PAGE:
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Twelve years ago George Crump founded Storage Switzerland with one simple goal; to educate IT professionals about all aspects of data center storage. He is the primary contributor to Storage Switzerland and is a heavily sought after public speaker. With over 25 years of experience designing storage solutions for data centers across the US, he has seen the birth of such technologies as RAID, NAS and SAN, Virtualization, Cloud and Enterprise Flash. Prior to founding Storage Switzerland he was CTO at one of the nation's largest storage integrators where he was in charge of technology testing, integration and product selection.

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4 comments on “Five Reasons to run MS-SQL on All-Flash
  1. yacoob patel says:

    Dear George:

    All well and good and i agree with the above article to a certain extent and that includes improved performance …we all want that.

    How is the write endurance addressed on flash…do we keep changing ssd as they reach their life span?

  2. George Crump says:

    Thank you for reading and your question. Honestly write endurance is a non-issue anymore. MLC drives have advanced to the point that under normal use they will last about five years, from a durability aspect. This is especially true with all-flash systems since they don’t have the turnover rate that hybrid systems do. See this article for more details on flash durability:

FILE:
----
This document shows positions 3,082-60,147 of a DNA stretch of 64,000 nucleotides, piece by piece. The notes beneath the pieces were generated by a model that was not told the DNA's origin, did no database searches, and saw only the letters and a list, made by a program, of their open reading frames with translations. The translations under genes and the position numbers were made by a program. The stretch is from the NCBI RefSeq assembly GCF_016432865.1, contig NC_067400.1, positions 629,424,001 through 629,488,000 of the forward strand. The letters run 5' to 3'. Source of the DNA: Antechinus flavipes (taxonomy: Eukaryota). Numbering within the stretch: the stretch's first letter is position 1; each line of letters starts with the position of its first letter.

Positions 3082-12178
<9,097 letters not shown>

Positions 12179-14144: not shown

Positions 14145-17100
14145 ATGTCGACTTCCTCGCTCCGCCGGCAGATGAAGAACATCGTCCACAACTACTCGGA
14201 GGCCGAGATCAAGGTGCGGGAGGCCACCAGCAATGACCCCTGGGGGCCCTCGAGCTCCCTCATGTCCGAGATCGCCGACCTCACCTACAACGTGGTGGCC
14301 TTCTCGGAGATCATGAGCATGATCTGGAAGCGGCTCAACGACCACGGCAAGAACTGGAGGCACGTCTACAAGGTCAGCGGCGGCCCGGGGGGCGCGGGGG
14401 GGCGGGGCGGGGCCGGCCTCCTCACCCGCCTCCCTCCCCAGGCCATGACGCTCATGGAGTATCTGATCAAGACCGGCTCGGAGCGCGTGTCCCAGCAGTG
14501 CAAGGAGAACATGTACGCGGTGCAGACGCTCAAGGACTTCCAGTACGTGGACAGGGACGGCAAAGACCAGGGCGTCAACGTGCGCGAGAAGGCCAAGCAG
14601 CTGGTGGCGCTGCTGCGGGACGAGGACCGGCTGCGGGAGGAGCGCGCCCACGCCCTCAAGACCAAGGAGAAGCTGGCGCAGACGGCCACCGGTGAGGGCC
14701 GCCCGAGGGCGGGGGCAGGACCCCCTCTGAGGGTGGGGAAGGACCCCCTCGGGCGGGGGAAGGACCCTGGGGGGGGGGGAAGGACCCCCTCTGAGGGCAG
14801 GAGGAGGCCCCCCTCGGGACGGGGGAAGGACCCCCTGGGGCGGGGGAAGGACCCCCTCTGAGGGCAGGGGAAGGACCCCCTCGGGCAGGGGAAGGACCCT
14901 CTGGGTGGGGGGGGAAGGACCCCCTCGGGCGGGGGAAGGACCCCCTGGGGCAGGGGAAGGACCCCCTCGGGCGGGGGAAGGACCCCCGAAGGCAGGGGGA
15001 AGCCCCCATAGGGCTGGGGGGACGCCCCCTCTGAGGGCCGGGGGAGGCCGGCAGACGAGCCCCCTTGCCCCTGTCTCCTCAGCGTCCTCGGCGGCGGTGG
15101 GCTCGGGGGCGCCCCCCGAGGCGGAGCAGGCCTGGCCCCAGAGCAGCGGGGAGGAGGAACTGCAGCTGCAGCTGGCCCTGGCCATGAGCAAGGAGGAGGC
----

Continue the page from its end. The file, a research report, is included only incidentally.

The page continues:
https://storageswiss.com/2014/02/26/slc-vs-mlc-does-it-matter-any-more/

  3. ashminder ubhi says:

    The way to deliver the best performance to ms-sql is using storage which integrates SMB Direct (over RDMA). Microsoft added this to windows, hyper-v and mssql for ultimate low latency and importantly lower cpu usage leading to better density. A flash array with integrated SMB Direct will give the greatest benefits.

  4. John says:

    George, while I appreciate the concept of an all flash system delivering great performance with very low latency, there is really no way possible for an AFA to be cheaper/GB with out some form of data manipulation (i.e. de-dupe / compression). A hybrid approach should always deliver a better $/GB and may very well deliver equal performance. There are many instances where a spinning disk will deliver similar performance to SSD and to say that MLC handles writes w/ the same durability as hard drives or SLC is a bit of a stretch. And to say that all data belongs on SSD when only 5-10% of your data is active just does not make financial sense with an nearly 30:1 cost differential.